Skip to main content
It looks like you're using Internet Explorer 11 or older. This website works best with modern browsers such as the latest versions of Chrome, Firefox, Safari, and Edge. If you continue with this browser, you may see unexpected results.
Aerial Photos and Satellite Images
Photographs and other images of the Earth, Moon, and other planets and satellites taken from the air or from space—also known as remotely sensed images—permit accurate mapping of land cover and make landscape features understandable on regional, continental, and even global scales. Transient phenomena, such as seasonal vegetation vigor and contaminant discharges, can be studied by comparing images acquired at different times.
About Aerial Photos and Satellite Images
Aerial Photographs and Satellite Images
Guide to how aerial photographs and satellite images are obtained and used. Includes information for ordering photographs and satellite imagery.
How to Obtain Aerial Photographs
Describes photographic projects from the USGS, other federal, state, and local government agencies, and commercial firms and includes a checklist for obtaining an aerial photograph. (Adobe .pdf file. Requires Adobe Acrobat reader.)
Looking for an Old Aerial Photograph
Selected sources for researching or obtaining historical aerial photographs for business or personal purposes.
The Blue Marble: Next Generation
This spectacular “blue marble” image from NASA is the most detailed true-color image of the entire Earth to date. Using a collection of satellite-based observations, scientists and visualizers stitched together months of observations of the land surface, oceans, sea ice, and clouds into a seamless, true-color mosaic of every square kilometer (.386 square mile) of our planet displayed at a very high resolution of 500 meters/pixel. These monthly images, which are freely available to educators, scientists, museums, and the public, reveal seasonal changes to the land surface: the green-up and dying-back of vegetation in temperate regions such as North America and Europe, dry and wet seasons in the tropics, and advancing and retreating Northern Hemisphere snow cover.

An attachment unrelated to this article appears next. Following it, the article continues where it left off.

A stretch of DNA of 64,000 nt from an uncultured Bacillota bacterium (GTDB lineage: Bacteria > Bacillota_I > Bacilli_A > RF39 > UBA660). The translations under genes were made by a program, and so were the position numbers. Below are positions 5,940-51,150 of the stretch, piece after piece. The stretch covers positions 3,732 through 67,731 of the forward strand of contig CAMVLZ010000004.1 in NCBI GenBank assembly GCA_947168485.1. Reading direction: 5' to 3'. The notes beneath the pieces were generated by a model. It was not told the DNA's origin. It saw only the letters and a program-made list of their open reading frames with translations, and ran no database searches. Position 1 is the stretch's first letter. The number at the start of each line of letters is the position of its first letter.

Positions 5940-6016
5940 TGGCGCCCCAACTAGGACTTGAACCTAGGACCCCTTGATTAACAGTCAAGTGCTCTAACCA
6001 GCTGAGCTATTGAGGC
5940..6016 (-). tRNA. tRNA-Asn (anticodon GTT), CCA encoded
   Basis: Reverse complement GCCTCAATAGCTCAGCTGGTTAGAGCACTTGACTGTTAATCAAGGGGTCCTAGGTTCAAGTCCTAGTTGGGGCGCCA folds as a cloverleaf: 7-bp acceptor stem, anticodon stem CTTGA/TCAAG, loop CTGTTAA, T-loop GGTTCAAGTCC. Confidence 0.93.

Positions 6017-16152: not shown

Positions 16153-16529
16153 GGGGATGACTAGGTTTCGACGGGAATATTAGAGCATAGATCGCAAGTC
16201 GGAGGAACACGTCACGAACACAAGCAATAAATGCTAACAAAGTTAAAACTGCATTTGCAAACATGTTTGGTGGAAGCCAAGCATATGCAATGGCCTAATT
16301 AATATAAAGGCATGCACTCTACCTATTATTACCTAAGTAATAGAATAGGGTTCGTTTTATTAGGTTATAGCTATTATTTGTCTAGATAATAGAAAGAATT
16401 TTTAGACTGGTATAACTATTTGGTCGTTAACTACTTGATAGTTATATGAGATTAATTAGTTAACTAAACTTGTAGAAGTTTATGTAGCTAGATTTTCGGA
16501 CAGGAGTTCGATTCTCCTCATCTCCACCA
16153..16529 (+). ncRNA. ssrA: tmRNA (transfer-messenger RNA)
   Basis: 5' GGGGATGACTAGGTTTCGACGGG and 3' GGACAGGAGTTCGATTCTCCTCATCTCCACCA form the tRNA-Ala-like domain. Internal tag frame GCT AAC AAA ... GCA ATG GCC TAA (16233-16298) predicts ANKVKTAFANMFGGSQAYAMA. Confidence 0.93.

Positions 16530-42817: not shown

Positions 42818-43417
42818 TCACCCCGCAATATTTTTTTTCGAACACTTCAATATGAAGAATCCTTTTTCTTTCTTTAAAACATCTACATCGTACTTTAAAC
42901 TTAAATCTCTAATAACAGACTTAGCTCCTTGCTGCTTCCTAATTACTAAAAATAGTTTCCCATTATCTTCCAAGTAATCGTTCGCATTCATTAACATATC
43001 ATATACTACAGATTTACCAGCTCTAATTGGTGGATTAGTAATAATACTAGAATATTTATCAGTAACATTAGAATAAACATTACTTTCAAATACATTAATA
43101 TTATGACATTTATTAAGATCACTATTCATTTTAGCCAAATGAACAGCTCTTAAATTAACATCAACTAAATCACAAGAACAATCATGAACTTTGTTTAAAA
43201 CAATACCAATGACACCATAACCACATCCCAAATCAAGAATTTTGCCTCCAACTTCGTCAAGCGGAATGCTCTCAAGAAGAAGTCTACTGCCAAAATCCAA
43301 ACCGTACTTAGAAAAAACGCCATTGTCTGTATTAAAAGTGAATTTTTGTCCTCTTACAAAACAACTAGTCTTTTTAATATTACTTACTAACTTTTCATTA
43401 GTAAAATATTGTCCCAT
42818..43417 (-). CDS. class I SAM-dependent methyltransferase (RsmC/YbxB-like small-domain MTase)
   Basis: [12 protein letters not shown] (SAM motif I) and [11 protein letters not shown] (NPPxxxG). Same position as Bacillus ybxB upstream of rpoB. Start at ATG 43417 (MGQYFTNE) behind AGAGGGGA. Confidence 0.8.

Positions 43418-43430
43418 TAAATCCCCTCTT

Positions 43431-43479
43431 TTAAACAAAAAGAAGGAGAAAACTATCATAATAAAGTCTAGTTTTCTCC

Aerial photos for the following Texas counties: Collin, Dallas, Denton, Ellis, Erath, Hood, Hunt, Johnson, Kaufman, Navarro, Palo Pinto, Parker, Rockwall, Somervell, Tarrant, and Wise. Select “Map Themes/Aerial Photographs.”
Microsoft Research Maps
MSR Maps (formerly TerraServer-USA) provides free public access to a vast data store of maps and aerial photographs of the United States. Navigate by selecting a location on a map or by entering a street and city or a latitude and longitude.
National Environmental Satellite, Data, and Information Service (NESDIS)
Timely access to global environmental data from satellites and other sources. Provides satellite products, environmental information, and official assessments of the environment in support of societal and economic decisions.
Ocean Surface Topography from Space
Continuous data from satellites like TOPEX/Poseidon and Jason help us understand and foresee the effects of the changing oceans on our climate and on catastrophic climate events such as El Niño and La Niña.
Texas Natural Resources Information System
Digital data available through TNRIS pertain to water resources, geology, Census, and other natural resources spatial data. Digital Orthophoto Quads (DOQs) provide the most current view of surface features and are available in resolutions from 30 meters to one meter. You can also download 2.5 meter DOQQs, DRGs, TxDOT, DEMs, Hillshades, and more as they become available.
Central point of access to the superset of NASA’s Earth science-related images, animations, and data visualizations.
Allows any user to zoom from satellite altitude into any place on Earth, leveraging high resolution LandSat imagery and Shuttle Radar Topography Mission (SRTM) elevation data to experience earth terrain (or any planet with the data) in visually rich 3D, just as if they were really there. Virtually visit anyplace in the world.